Focus Point 14 on the Heritage Trail
The Mummers’ Carvings have a myriad of different stories told about them, from devil worshippers and witches’ rituals to simple advertisements. What is clear is that they have some root in the area’s pagan origins. It is thought that these carvings have some links to the performance of seasonal mummers’ plays (which originated in ritual, much like that of the Morris) to welcome in the spring; celebrate the harvest; resurrect the sun at midwinter by the death of the winter deity and his eventual rebirth; and chase away winter blues and evil spirits. Each play dealt with different aspects of life including love and courtship, death and birth. By the last performance here in 1935 (by a travelling troupe called the Galloshans) many had been Christianised, however the essence behind them remained the same. It is often difficult to make out the carved figures; one man carries a knife and the other a goblet.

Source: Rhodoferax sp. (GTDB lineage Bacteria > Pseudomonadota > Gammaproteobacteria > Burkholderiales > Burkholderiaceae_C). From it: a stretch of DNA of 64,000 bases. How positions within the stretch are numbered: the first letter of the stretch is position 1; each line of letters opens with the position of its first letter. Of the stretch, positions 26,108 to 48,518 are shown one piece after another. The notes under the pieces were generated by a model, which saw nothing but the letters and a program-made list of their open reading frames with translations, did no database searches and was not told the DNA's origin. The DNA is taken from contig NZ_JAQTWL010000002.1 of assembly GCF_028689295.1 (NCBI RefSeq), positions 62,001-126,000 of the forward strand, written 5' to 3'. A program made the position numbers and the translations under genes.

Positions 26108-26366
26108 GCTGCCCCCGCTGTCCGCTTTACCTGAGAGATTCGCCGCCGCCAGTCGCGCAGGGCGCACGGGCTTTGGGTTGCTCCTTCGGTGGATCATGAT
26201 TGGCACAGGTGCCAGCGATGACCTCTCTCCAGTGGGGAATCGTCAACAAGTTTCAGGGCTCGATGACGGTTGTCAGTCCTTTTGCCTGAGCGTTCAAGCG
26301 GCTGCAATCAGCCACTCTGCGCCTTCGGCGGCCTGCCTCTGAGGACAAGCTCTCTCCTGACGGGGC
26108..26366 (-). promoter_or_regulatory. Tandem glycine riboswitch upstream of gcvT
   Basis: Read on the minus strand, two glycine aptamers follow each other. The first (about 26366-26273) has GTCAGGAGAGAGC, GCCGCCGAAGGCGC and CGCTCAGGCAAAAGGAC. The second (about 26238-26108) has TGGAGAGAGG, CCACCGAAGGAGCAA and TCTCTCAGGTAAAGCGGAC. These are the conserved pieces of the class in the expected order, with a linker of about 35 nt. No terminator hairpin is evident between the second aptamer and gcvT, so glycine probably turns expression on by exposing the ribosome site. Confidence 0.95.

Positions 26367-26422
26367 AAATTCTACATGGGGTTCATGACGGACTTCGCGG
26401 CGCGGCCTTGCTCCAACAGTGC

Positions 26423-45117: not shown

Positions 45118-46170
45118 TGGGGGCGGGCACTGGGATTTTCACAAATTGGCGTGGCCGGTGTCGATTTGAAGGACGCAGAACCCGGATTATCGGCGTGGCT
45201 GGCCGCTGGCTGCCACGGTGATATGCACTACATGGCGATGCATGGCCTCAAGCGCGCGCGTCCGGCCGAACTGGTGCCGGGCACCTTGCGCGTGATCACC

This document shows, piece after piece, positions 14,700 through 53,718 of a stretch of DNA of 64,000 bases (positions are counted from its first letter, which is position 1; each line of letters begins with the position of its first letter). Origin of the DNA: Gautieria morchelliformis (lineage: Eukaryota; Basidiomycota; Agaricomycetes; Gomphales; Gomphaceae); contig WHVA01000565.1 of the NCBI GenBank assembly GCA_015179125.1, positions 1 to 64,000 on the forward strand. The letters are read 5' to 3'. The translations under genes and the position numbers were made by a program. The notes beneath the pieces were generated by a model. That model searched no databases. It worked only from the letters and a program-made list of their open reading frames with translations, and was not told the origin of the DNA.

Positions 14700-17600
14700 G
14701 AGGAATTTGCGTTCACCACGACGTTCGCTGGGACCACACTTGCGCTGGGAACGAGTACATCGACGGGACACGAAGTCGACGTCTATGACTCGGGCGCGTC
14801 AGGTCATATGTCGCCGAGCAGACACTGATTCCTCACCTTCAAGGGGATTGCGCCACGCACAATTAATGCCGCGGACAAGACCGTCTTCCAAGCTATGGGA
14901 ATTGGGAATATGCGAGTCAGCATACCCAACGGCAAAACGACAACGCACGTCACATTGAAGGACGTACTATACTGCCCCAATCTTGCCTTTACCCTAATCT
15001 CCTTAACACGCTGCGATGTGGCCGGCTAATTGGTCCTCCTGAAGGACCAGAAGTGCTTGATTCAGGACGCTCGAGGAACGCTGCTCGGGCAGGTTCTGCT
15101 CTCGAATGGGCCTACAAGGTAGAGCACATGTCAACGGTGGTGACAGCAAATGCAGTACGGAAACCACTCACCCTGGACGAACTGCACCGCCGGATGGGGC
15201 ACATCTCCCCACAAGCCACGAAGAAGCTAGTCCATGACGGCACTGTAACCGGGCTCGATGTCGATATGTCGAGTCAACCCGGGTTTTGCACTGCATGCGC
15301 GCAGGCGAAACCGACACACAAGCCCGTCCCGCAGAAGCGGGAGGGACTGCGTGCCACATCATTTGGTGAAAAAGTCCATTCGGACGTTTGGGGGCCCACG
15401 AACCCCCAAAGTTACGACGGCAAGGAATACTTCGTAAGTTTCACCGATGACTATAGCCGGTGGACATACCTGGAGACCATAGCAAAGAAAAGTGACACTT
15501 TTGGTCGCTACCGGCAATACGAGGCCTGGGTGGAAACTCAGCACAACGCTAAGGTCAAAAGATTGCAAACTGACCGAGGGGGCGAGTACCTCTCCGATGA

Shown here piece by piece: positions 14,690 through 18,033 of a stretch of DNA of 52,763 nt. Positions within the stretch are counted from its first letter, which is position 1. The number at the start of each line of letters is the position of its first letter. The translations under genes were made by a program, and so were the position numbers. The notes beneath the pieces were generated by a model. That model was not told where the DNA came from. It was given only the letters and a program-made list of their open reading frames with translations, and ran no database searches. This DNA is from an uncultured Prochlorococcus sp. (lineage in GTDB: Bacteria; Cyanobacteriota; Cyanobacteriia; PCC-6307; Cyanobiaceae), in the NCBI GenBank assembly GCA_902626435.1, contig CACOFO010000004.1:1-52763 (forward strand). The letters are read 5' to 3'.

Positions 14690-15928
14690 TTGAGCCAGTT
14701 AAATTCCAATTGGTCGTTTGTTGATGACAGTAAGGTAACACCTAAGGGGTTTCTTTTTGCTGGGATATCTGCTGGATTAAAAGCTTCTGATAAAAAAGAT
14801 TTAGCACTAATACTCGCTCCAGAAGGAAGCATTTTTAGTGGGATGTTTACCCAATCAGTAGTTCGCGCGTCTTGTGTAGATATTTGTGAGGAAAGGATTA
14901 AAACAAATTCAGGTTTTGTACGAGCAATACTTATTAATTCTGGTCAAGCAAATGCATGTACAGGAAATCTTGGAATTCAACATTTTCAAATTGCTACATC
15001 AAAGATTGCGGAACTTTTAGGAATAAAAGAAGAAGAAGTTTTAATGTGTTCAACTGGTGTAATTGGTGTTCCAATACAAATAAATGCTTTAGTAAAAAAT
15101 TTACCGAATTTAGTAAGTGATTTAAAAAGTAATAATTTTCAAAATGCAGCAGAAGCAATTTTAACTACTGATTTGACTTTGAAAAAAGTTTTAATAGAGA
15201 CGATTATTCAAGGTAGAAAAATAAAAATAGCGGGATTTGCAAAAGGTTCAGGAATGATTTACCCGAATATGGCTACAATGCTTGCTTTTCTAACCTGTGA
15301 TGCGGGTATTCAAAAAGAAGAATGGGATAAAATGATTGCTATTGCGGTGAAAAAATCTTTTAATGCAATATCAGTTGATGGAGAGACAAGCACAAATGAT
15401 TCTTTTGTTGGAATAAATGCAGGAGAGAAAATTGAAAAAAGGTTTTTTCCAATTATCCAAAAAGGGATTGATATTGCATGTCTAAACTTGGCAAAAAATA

The Mummers’ plays were resurrected and performed again in 2004, by a troupe of actors called Fool’s Gold. The event was a fantastic success.
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